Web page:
Iceland Is Aborting Down Syndrome Babies Into Extinction

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http://www.cbsnews.com/news/down-syndrome-iceland/?linkId=40953194
Agusta Ingadottir is one of three individuals born with Down syndrome in Iceland in 2009.
(Photo Source: Screen shot, CBS News)

There are almost no individuals with Down syndrome in Iceland. And the reason why is disturbing. 

According to a recent CBS News report, because of prenatal testing offered to women, nearly 100 percent of women who find out the baby they are carrying has Down syndrome choose abortion. 

"My understanding is that we have basically eradicated, almost, Down syndrome from our society," said geneticist Kari Stefansson who specializes in the Icelandic population.

There is only one main hospital in the small country of around 330,000 people -- the Landspitali University Hospital in the capital of Reykjavik. About 80 to 85 percent of pregnant women seen there decide to undergo prenatal testing for conditions including Down syndrome.

Landspitali Hospital is also where the nation's abortions are performed. In a CBS report, a member of hospital staff went through the bizarre and almost sickening rituals couples go through after having an abortion. The dead fetus is sometimes brought back to the parents to "say goodbye." A minister from the Church of Iceland will come to pray with them. The hospital will even take the footprints of the aborted baby as a keepsake for the parents.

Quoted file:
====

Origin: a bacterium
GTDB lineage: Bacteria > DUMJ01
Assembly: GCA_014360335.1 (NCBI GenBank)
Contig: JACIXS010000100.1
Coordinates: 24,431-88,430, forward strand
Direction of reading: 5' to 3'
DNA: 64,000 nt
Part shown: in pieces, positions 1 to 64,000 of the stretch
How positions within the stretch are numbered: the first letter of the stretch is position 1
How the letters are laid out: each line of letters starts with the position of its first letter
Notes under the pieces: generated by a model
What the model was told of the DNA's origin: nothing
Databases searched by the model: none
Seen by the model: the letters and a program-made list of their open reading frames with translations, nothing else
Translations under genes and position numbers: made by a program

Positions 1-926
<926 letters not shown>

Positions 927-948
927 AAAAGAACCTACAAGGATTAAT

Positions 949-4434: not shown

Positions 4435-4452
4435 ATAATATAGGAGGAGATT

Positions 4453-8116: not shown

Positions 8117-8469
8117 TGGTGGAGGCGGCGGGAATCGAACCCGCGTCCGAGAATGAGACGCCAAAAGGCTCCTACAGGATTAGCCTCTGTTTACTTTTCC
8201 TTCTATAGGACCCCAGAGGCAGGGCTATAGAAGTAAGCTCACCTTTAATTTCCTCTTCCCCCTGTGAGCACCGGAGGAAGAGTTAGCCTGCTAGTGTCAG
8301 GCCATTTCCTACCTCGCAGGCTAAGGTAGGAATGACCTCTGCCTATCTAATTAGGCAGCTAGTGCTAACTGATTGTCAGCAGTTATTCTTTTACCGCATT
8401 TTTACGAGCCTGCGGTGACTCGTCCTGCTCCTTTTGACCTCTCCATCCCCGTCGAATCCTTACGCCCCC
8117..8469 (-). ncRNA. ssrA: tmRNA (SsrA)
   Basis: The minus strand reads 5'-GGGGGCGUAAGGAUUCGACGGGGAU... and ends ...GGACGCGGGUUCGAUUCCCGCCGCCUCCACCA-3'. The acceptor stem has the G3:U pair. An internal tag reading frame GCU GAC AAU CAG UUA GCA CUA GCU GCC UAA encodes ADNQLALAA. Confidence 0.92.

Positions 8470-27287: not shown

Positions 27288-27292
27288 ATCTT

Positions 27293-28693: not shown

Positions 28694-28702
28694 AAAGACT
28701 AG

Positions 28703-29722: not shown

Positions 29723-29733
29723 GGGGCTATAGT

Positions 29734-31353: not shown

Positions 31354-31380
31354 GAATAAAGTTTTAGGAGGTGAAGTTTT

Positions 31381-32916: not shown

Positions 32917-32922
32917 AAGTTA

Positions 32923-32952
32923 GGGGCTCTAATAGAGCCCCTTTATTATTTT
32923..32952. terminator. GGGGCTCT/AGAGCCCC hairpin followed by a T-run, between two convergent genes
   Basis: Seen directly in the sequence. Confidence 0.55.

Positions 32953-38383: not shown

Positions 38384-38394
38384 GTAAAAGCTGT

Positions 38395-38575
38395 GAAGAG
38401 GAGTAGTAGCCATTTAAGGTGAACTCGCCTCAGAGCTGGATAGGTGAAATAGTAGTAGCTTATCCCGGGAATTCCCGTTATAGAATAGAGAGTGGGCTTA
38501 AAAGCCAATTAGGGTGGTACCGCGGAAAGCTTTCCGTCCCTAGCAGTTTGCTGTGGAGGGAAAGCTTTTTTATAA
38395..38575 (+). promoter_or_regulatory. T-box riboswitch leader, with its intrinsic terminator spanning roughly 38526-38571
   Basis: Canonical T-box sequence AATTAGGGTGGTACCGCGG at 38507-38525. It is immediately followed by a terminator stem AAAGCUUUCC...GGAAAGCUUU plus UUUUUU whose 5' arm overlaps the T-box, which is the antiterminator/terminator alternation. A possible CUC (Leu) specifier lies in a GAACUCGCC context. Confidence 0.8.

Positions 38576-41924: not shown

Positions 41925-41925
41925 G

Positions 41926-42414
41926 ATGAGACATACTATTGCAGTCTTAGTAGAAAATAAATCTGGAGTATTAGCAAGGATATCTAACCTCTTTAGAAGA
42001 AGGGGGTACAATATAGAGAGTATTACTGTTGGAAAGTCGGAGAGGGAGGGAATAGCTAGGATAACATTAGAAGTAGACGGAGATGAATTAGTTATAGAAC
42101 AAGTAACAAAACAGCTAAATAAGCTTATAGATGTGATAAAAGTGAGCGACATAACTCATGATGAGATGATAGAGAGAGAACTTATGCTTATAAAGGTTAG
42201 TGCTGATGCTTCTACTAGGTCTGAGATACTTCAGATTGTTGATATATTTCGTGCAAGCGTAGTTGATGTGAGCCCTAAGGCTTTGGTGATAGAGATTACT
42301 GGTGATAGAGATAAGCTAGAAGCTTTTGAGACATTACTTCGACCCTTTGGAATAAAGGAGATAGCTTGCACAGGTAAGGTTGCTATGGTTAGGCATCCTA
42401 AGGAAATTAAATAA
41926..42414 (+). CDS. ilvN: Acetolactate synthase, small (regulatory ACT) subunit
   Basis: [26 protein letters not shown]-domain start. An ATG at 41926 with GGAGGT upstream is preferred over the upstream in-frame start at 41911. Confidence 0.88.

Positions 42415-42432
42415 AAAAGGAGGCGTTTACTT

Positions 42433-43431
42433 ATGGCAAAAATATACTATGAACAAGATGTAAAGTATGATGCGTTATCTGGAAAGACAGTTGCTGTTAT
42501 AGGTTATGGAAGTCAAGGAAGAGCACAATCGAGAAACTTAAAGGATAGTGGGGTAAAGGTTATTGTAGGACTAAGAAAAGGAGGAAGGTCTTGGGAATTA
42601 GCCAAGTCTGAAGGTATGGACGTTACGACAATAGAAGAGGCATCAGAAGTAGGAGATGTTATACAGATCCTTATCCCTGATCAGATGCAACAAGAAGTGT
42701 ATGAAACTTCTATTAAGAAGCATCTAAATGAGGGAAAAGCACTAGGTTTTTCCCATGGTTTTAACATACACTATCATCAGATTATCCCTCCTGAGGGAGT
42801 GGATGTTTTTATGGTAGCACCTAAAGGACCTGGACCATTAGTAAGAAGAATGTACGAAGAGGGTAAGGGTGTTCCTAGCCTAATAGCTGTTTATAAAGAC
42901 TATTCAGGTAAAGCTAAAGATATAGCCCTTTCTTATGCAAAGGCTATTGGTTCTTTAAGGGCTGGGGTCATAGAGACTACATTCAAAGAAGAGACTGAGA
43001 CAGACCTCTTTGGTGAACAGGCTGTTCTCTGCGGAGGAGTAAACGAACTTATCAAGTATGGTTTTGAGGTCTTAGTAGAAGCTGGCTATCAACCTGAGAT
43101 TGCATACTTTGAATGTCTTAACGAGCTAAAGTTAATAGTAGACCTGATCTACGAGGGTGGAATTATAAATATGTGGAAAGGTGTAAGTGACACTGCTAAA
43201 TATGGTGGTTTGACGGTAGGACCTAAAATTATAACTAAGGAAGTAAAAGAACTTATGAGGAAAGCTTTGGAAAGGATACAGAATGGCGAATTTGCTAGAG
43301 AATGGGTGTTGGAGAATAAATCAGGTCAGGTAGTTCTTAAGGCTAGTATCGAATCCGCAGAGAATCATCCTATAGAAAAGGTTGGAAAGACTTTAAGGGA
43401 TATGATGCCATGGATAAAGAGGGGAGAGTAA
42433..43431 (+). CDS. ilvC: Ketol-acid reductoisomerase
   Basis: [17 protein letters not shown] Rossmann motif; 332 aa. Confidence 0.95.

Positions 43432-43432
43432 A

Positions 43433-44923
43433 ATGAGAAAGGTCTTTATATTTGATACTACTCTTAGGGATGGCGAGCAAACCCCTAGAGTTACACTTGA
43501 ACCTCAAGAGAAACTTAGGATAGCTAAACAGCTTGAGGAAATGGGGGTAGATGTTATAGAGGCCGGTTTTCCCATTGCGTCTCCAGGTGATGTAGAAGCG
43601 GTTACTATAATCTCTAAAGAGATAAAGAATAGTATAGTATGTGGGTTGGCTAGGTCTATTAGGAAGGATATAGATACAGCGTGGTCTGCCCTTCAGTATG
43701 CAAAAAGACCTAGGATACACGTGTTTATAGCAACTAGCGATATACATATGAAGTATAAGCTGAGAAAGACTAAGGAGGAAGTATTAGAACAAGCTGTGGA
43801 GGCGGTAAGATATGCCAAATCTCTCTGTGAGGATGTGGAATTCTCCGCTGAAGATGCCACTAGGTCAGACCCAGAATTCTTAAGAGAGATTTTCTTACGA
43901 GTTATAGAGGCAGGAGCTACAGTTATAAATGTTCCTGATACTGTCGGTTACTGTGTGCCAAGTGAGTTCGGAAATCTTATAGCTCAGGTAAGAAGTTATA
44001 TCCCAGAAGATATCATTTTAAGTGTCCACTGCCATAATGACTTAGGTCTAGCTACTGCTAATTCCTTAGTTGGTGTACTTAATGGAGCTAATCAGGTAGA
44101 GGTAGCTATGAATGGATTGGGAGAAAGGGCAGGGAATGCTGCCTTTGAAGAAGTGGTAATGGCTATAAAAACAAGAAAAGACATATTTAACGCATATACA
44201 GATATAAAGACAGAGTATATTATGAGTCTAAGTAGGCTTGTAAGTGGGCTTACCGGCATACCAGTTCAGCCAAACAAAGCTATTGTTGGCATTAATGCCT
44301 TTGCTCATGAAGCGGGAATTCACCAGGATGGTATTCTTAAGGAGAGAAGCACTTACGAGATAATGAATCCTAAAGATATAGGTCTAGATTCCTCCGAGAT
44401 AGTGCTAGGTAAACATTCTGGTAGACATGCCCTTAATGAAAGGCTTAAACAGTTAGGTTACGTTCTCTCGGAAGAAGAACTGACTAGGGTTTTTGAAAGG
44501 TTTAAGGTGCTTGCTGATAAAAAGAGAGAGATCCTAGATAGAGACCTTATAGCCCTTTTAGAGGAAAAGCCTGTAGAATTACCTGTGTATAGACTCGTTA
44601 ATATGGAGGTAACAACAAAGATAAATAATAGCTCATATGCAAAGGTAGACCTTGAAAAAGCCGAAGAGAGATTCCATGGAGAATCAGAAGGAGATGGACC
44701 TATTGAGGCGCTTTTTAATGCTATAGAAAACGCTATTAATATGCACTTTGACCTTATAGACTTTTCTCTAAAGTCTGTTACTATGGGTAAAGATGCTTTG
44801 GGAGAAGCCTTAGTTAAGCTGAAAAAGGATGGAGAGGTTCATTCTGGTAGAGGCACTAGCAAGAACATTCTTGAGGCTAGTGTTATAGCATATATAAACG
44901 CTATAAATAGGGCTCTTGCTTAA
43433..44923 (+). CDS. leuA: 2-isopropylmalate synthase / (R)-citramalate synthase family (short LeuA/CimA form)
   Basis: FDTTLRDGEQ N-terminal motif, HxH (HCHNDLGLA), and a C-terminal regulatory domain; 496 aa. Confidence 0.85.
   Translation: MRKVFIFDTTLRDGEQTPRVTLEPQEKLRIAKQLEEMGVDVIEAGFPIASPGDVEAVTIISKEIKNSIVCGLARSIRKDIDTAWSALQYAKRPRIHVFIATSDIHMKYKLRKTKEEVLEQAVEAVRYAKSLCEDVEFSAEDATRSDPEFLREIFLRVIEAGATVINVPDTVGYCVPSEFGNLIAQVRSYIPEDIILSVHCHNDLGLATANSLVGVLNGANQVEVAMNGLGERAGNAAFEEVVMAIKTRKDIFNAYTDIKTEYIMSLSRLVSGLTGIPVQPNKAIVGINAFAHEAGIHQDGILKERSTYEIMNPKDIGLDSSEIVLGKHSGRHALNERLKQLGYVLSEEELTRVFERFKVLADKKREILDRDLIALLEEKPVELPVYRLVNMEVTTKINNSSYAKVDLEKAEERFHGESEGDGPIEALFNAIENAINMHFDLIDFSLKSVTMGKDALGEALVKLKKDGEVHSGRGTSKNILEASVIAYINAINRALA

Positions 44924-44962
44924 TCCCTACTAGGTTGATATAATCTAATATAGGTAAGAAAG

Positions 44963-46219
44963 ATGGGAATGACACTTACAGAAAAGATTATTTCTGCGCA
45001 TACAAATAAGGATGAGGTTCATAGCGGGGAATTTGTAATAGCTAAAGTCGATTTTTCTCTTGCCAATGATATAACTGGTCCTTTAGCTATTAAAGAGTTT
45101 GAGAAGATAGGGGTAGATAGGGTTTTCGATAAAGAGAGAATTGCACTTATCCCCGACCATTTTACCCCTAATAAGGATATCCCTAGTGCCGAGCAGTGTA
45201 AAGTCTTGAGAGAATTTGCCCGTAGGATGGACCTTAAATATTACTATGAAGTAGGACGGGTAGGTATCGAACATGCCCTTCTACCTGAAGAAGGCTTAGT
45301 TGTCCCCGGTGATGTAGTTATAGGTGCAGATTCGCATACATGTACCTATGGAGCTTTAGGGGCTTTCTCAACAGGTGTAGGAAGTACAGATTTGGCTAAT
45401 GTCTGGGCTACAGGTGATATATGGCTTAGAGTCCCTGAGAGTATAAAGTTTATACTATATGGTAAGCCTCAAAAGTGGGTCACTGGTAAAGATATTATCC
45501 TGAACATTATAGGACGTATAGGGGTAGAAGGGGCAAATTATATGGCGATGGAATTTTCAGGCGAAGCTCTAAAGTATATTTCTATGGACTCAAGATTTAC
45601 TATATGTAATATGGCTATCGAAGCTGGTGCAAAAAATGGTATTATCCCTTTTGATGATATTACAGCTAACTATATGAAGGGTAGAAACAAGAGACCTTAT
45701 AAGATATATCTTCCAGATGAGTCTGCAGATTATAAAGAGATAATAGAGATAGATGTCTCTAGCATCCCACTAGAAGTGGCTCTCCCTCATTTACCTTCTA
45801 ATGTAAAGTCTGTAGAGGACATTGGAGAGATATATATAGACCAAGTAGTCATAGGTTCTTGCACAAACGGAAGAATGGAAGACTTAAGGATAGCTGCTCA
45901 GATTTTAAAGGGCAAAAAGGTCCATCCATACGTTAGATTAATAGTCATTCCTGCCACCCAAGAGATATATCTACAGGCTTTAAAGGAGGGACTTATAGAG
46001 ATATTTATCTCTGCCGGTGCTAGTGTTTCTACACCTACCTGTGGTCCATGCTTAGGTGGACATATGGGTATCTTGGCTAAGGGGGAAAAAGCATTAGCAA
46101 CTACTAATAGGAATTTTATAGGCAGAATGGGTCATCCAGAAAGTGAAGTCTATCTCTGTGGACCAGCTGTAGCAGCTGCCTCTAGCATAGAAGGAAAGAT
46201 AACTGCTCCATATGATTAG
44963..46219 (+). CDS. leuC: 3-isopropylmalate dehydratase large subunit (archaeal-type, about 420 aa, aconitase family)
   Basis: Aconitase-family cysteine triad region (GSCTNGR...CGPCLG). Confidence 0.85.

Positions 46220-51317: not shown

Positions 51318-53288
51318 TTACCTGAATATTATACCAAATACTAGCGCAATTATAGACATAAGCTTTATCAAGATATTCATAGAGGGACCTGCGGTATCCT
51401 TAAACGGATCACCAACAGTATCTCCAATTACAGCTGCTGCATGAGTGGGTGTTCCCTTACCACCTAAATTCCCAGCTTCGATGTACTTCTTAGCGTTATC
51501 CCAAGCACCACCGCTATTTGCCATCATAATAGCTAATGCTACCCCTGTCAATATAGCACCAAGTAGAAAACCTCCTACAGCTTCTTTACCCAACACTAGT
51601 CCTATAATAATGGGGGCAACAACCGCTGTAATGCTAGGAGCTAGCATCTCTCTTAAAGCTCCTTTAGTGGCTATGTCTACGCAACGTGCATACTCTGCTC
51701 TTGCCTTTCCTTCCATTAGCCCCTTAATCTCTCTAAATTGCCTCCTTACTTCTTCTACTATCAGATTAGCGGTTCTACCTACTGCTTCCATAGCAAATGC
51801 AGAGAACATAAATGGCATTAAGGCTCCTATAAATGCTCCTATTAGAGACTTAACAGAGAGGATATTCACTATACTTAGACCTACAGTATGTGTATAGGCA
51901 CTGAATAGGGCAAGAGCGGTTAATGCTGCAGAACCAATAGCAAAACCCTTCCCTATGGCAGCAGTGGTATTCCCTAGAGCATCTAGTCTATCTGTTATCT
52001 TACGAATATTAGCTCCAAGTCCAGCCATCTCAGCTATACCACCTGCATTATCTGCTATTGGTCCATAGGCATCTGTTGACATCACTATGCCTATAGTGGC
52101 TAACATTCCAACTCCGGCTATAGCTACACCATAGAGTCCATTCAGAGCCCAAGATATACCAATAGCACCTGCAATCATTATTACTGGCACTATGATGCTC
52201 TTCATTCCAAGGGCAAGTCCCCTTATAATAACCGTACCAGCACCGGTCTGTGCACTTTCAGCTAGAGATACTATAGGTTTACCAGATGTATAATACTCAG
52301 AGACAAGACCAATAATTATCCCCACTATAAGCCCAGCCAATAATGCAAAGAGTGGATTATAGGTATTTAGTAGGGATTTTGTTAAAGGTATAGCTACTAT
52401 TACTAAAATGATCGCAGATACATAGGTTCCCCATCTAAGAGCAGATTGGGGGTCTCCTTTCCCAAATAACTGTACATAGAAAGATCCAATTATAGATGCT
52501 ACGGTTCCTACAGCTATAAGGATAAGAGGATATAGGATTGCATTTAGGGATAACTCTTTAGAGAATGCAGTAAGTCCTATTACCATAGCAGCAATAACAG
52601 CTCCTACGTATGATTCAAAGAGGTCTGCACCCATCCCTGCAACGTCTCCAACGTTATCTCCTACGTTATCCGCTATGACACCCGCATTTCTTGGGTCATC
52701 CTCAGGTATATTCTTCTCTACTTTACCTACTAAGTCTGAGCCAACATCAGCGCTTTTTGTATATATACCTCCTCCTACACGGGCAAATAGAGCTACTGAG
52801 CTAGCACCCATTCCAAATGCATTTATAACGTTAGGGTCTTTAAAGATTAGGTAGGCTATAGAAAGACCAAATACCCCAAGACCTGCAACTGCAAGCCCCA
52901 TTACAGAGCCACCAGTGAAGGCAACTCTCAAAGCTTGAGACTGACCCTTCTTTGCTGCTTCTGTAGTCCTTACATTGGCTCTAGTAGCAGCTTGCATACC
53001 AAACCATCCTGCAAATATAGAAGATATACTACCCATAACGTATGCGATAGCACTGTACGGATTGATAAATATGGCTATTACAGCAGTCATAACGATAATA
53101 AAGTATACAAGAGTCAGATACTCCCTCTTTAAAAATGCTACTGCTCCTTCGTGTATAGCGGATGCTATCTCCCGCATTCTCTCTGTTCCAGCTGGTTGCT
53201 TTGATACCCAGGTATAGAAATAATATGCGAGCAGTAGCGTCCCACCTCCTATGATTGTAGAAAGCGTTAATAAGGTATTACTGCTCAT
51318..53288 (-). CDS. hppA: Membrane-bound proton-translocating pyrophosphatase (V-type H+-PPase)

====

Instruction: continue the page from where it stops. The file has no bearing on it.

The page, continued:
Despite the general acceptance of aborting children with disabilities, there are still some babies born with Down syndrome. Thordis Ingadottir's daughter, 7-year-old Agusta, is one of them. Now, Ingadottir is speaking out against what she thinks is the government's push for prenatal testing for the purpose of eradicating disabilities like Down syndrome.

On average, only two babies with Down syndrome are born per year in Iceland. In 2009, the year Agusta was born, there were only three Down babies born in the entire country. Because Agusta's condition is now so rare, it is difficult for her to adjust.

Ingadottir says, "I will hope that [Agusta] will be fully integrated on her own terms in this society. That's my dream. Isn't that the basic need of life? What kind of society do you want to live in?"

It is a good question to ask ourselves. Since the late 1990's and early 2000's, prenatal testing has increased the number of abortions of Down syndrome babies. In the United States, 67 percent of all Down syndrome pregnancies end in abortion. In Europe, those numbers are even higher, with France at 77 percent and Denmark approaching Iceland's numbers at 98 percent. 

Do we want to live in a world where individuals with an intellectual disabilities are erased from the picture? Or do children with special needs add something important to our communities that is irreplaceable? 

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